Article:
part of Dubai-based Dutco Group (20%), and the Oman Investment Fund (OIF), a sovereign wealth fund of the Sultanate of Oman (40%).
While Backeberg doesn’t think the project is going to ‘rock the boat’ for the antimony market because it is only an intermediary step, it does, however, offer a significant supply of non-Chinese antimony products.
“The problem is it needs to find supply for the roaster to operate,” says Backeberg.
“Up until now the project has not secured consistent feed stock to keep it going; though it has some available, it is as yet unclear where the long-term supply will come from,” he adds.
There are around 140 antimony projects across the globe, according to TriStar-sponsored Antimony World map. Nevertheless, the most significant producers – Russia, Australia and Tajikistan – send their ore straight to China.
Polyus’ Olimpiada mine in Russia, for example, which produces antimony as a by-product, supplies around 20,000 tons of the ore to China, according to Backeberg.
“It is that capacity that TriStar is looking to compete for,” he adds.
More than half of the country’s coal mines are managed by pro-Russian separatist militia. Credit: DmyTo/Shutterstock.
Space to operate
However, John Meyer, a partner at SP Angel, which acts as nominated advisor and broker to TriStar Resources, notes that there are above ground stocks of gold with antimony, which should be suitable for processing. Producers around the world will likely make supply available when required to diversify their sales, he says.
“TriStar’s Oman plant would normally have the potential to disrupt the antimony market but plant closures in China in recent years may create sufficient space for TriStar’s new antimony production,” he adds.
“Tristar has always planned to bring new antimony production relatively slowly to avoid much market disruption.”
Furthermore, an increasing worldwide focus on the traceability and environmental sustainability of raw materials may provide Oman-sourced antimony supply a “distinctive opportunity to establish a unique identity within the supply chain,” says Meyer.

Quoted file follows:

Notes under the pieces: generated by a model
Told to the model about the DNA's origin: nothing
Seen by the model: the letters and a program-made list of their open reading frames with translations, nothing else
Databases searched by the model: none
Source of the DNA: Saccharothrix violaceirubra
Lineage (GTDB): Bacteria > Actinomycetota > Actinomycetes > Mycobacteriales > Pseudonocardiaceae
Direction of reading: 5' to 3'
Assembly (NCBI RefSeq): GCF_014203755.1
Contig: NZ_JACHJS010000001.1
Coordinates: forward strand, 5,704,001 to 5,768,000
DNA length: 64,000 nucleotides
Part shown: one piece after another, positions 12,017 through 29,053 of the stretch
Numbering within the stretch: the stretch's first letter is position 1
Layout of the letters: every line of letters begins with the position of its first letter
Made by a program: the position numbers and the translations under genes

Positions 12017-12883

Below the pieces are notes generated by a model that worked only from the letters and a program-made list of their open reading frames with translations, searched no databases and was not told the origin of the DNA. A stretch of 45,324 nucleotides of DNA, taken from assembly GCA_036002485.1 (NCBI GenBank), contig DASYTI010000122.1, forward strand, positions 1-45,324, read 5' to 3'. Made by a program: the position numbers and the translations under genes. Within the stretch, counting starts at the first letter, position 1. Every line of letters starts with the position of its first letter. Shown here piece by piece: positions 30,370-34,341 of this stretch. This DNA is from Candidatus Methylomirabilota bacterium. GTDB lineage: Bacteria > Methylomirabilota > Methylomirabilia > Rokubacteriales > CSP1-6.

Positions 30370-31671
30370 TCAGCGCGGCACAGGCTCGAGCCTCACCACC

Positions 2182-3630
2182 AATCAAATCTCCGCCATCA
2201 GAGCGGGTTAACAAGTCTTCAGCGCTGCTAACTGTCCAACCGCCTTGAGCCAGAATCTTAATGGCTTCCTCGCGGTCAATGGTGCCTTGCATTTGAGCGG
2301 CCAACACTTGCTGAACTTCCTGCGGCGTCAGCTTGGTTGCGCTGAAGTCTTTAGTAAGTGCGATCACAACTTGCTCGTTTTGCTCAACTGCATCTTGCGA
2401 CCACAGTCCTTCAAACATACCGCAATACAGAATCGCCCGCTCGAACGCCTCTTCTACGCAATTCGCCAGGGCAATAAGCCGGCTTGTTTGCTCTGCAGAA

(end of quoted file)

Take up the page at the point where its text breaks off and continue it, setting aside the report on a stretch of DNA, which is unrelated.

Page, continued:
The plant is being built with superior environmental performance, according to SPMP.
Based on a long-term antimony price of $8,500 a ton, the company estimates that the net present value of the project is around $279m.
Plant closures in China in recent years may create sufficient space for TriStar’s new antimony production
China’s Green Shied strategy should continue to restrict antimony processing and mine supply
Although mining antimony is cheaper in China because of labour costs and the typically large deposits, the trend in declining production is set to endure.
“China’s Green Shield strategy should continue to restrict antimony processing and mine supply as its government continues to clean up the environmental damage done in recent years,” says Meyer.
However, for the overall market, Russian supply will probably mitigate China’s decline, says Backeberg; both he and Meyer expect the market for antimony to remain stable with some growth.
“There will be spikes and volatility, and we will see short-term shifts in the market,” says Backeberg. “However, there is more than enough to go around and to keep pace with the processing capacity, so expect the market to remain relatively stable.”